There’s something magical about introducing a child to their first dinosaur. We went to the American Museum of Natural History last week, a truly brilliant day trip.
It’s been years since I saw real dinosaur bones. Have a very clear memory of my father booking a day off work to take six year old me to the Natural History Museum in Kensington, London. It’s a family tradition– every few months, we would arrange a “specially day” when one child would go off on an adventure with one parent. It’s something C and I have decided to pass on to our own children, and we all love it.
So when T’s school closed for a conference last week, we had fun picking where to go. Another school mom (rapidly becoming my most valuable source of intel here) had recommended the Museum of Natural History, so we agreed to take T & L together.
The journey was a triumph– we didn’t get lost once. Almost three months in, am finally learning the ropes. 81st Street station was exciting in itself; intricate and colourful mosaics cover the walls, depicting animals from the museum. It took us a good long while to reach the exit, as every mosaic had to be carefully studied with solemn eyes.
The first thing you see when you walk inside the grand entrance hall at the enormous Barosaurus mother rearing up to protect her baby from the Allosaurus. We both stood gaping for several minutes, taking it all in. Even the baby was utterly huge.
Eventually dragging ourselves away from the Barosaurus, we went into the Butterfly Conservatory. Thought T would love it, but actually she was v unnerved by the giant, slow, fluttering wings. Bigger children had brought flowers in to tempt a butterfly to land on them, but we contented ourselves by studying the display of pinned specimens and chrysalises with a magnifying glass. Eventually the heat drove us out, and T enjoyed checking us both carefully in the mirror room to make sure no butterflies were making a break for freedom on our clothing.
We then slowly worked our way through the Pterosaurs: Flight in the Age of Dinosaurs exhibition, which was impressively interactive. Kids could stand and flap their arms or tilt their hands to make models swoop, soar or (in our case) plunge into the ocean. A bit of jostling to stop bigger children from queue jumping in the dark, but well worth it.
The whole experience was wonderful, with just one complaint – there are toy shops hidden all over the place. Twice these managed to completely derail the day, with T clutching first a cuddly space monkey then a novelty dinosaur Christmas decoration and refusing to budge. We had to write off over 45 minutes spent putting them back and extricating her. Wish the museum could keep all the merchandise in the one enormous shop, rather than ambushing parents. Next time I go, I’m going to study the floor plan and try to avoid the shops as it was a lot of stress. Screeches certainly can echo in a museum…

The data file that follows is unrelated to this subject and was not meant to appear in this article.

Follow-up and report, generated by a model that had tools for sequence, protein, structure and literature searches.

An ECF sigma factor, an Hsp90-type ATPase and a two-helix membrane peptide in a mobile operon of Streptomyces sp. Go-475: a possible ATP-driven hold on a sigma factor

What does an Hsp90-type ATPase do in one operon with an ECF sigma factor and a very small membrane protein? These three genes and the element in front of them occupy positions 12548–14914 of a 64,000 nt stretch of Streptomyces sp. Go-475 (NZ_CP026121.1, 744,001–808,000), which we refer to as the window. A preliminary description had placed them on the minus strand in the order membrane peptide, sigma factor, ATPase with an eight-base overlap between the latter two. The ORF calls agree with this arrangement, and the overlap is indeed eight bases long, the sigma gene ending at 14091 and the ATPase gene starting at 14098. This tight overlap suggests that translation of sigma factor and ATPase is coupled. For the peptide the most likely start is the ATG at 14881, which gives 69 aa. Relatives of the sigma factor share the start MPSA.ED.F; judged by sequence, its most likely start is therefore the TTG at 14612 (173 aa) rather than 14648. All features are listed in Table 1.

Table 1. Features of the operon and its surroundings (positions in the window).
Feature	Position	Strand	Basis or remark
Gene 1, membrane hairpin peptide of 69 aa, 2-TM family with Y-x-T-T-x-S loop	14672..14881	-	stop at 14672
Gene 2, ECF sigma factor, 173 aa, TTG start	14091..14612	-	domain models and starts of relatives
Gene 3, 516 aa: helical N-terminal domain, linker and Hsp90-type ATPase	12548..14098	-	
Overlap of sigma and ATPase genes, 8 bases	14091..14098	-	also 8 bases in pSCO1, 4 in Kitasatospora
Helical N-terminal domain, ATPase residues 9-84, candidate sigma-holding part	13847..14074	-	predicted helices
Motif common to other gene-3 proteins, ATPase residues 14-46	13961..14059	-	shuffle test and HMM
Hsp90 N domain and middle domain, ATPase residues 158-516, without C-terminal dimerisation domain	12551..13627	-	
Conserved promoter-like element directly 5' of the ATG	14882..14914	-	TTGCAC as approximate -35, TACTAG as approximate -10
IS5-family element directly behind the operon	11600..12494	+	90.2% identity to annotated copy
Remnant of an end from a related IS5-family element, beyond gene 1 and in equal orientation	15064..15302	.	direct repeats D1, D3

A few tips if you’re taking your own kids to the American Museum of Natural History:
- Scooters are not allowed in the cloakroom, so remember to leave them at home
- Bags were nominally searched for snacks and drinks on arrival, but mine were allowed through with no issues
- Go for lunch at Isabella’s afterwards, 359 Columbus Avenue, corner of W 77th Street. Very kid-friendly considering it had white table cloths. The waiters provided crayons and Wikki Stix to keep them well entertained, and a very nice children’s menu that – wait for it – actually included steamed vegetables
- Walk through Central Park afterwards to burn off any remaining energy. We happened across some serious Beatles-mania at Strawberry Fields, which I hadn’t even realised was a real place
This week’s highs and lows:
High: Discovering Tea & Sympathy, a definitively English tea shop in Greenwich Village. Am so in love, I plan to devote a whole blog post to it shortly. Watch this space.
Low: Dropping a lovely new book about New York for the kids straight into a fresh pile of dog poo. I initially took it for mud, fool that I am, and brushed it off with my new gloves. There is no mud in NYC.